South African Land Reform and the Global Development Industry

by Thackwray Driver

Abstract

Over the past decade, “land issues” have reclaimed centre stage in international development debates, with Hernando De Soto’s influential work on land tenure and capitalism playing an important catalytic role. Post-apartheid South Africa has been highly visible in international discussions and debates about land reform, land tenure and land administration. The three major elements of land policy in South African, namely tenure reform in the former “homelands,” restitution, and “market-based” land reform, have frequently been used as an example or model in discussions about land policy in other countries. South African land policy has frequently been used to draw contrasts with the highly publicised land reform policies in Zimbabwe. This paper will analyse the way in which the “South African model” has been deployed in debates about land and development. It will examine in particular the discussions and debates leading up to the World Bank’s 2003 report “Land Policies for Growth and Poverty Reduction,” and the use to which South African examples and policies are put in the final report.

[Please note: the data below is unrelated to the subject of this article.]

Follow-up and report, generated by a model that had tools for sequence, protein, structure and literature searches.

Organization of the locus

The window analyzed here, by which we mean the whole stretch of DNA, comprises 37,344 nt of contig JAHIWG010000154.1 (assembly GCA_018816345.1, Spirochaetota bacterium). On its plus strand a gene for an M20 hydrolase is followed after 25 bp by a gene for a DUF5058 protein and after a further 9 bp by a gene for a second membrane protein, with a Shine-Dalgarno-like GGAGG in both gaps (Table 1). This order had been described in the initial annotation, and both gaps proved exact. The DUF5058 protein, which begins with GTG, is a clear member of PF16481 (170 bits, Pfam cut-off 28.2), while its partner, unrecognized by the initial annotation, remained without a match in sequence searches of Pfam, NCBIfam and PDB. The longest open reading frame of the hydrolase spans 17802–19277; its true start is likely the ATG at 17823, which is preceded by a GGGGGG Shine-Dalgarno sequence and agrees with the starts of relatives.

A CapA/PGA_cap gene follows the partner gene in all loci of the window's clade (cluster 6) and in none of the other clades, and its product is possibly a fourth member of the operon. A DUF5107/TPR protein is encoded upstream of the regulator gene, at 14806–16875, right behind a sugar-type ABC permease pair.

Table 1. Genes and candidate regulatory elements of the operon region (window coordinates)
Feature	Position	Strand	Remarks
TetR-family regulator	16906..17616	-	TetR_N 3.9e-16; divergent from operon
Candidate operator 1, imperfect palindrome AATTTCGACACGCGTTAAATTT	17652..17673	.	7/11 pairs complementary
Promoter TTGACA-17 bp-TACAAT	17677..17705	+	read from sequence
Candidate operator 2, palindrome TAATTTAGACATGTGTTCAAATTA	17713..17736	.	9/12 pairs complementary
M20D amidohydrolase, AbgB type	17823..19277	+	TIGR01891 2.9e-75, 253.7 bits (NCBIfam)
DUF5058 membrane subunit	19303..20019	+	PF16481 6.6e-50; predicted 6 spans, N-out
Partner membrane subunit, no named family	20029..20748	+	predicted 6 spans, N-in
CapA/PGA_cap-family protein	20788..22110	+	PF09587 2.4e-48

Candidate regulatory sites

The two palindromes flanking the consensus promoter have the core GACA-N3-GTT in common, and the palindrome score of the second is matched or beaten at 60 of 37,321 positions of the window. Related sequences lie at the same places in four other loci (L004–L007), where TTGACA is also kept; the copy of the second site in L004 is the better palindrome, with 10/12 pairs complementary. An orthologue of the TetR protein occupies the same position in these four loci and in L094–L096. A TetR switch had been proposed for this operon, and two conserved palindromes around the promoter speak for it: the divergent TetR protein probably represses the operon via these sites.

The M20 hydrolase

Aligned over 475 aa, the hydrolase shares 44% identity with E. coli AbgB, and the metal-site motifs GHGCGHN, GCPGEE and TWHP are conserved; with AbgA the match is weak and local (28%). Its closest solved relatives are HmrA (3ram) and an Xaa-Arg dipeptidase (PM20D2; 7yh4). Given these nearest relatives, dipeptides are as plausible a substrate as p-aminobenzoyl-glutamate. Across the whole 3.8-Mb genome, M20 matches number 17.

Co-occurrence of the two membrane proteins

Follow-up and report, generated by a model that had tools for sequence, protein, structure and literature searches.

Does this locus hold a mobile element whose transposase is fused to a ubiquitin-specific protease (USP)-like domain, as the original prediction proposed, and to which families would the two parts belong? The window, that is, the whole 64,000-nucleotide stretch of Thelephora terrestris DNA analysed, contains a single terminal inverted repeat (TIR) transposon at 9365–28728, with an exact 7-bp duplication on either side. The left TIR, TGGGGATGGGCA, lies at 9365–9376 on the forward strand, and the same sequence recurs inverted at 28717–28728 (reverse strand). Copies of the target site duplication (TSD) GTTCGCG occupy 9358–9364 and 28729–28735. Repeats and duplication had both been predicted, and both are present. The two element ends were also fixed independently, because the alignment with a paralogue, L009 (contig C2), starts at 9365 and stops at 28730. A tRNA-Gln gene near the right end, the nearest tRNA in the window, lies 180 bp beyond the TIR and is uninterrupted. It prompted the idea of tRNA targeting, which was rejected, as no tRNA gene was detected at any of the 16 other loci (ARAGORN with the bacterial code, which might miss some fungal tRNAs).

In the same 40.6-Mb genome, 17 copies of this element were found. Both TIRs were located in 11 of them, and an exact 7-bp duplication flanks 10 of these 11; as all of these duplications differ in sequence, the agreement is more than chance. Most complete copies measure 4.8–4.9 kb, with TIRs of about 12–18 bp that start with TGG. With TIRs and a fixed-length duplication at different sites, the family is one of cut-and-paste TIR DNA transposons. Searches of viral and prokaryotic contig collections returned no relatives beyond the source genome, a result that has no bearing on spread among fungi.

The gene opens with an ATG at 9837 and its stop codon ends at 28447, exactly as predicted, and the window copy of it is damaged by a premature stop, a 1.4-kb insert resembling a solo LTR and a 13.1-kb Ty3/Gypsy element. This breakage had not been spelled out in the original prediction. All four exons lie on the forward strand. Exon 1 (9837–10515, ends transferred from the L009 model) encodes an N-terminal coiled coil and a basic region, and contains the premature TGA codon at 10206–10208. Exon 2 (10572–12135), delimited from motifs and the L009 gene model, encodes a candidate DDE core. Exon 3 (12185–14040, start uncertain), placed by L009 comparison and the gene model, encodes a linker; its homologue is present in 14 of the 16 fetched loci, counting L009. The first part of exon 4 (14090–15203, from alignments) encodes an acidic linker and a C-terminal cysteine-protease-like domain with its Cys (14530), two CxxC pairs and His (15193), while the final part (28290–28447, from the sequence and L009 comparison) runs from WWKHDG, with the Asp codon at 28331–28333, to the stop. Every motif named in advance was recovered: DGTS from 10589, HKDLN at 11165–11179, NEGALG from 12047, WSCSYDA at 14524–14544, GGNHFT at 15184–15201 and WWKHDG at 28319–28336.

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Thackwray “Dax” Driver is CEO of the South Trinidad Chamber of Industry and Commerce. A historian by training, he has written extensively on land policy and administration in Trinidad and Tobago, as well as the history of anti-erosion policies in the mountain areas of Lesotho.